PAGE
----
Original article here: [LINK].

Carnegie Mellon will release a fully working, downloadable “Technical Demonstration” of their new Robot Virtual World (RVW) programming tool to the world on February 9, 2011.

The first world takes students to planet H99 where they will be able to program their robots using feedback from encoders, sonar, and compass sensors. The RVW project is designed to blend computer science lessons, engineering design, and gaming to teach programming and CS-STEM concepts.

 

Students will earn points and access new levels as they learn to program

Students will program LEGO and VEX robots during training, but they will also be able to program virtual world machines like the scientist’s rover or the flying methane sensor. These vehicles will be programmed using the same ROBOTC IDE that students use when they program their LEGO and VEX robots.

We are also integrating opportunities to program LabVIEW front panels into the RVW. The front panels will be developed using National Instruments free LabVIEW Web UI Builder software. Data fed to the virtual instruments will be derived from conditions in the virtual world as well as from the virtual robots.

Virtual World Programming and simulator
Planet H99

The first Robot to the Rescue Computer Programming Game is set on Planet H99. The year is 2050 and the Global Federation of World Evolution has a collaborative research project named H99; short for Habitat 99.  The goal of H99 is to place a human colony on the planet by 2099.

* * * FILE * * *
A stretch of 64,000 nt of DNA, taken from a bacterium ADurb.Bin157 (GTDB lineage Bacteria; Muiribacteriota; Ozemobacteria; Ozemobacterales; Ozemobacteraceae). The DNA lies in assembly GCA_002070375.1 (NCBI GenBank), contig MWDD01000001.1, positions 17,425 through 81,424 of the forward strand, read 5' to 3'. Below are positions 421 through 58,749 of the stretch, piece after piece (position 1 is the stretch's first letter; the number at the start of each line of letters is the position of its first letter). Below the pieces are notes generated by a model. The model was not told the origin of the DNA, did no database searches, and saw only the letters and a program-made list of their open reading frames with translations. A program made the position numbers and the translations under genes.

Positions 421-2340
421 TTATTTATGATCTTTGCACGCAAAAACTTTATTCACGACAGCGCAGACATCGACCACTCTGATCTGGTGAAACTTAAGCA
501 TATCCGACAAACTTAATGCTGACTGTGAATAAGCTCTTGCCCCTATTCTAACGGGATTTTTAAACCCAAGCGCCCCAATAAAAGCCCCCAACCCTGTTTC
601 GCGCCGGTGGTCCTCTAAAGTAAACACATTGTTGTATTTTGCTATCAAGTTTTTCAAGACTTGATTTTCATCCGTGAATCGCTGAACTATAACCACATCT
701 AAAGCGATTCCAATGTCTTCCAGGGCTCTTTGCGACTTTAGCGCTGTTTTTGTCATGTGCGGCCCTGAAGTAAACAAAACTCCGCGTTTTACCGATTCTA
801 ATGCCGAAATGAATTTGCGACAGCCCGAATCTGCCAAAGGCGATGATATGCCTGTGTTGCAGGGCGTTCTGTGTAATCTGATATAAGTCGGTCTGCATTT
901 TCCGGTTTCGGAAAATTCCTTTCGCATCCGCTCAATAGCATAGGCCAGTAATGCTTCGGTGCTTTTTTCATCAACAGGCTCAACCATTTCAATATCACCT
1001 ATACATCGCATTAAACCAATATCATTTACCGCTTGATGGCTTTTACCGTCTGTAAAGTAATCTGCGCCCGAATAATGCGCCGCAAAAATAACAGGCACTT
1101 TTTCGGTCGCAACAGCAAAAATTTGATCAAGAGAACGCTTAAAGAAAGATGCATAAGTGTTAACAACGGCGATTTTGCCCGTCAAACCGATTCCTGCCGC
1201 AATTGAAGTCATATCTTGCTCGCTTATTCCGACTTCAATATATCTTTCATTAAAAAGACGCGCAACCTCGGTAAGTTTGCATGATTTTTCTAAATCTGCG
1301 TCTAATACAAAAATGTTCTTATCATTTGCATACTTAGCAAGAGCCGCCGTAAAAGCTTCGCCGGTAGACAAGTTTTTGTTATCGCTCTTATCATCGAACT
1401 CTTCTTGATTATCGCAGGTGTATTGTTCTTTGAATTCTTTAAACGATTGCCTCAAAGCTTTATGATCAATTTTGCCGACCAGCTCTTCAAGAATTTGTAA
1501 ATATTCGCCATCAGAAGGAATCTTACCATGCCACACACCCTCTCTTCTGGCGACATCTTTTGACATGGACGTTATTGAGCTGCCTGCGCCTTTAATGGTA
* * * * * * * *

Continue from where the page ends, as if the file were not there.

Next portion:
The planet is being terraformed by a team of humans and robots with the majority of the work is being done by the robots. (Terraforming is the process of deliberately modifying the atmosphere of a planet to make it habitable by humans.) The student’s job is to program and manage the robots!

Pictured above and to the right is the simulator that will display the robot’s behavior to the student.

Digital DisplayVirtual Worlds screenshotThey will be able to zoom in and out and control the camera’s angle using this interface.

Pictured at the right is an example of the type of digital display that students will be able to design and program as they play the game. We envision opportunities to develop displays for the greenhouse, fuel stations, vehicles, the weather, and any other game element that has constantly changing data.

I can’t wait for this to come out. This is just the first step of many as the development of this virtual programming and playing environment continues.

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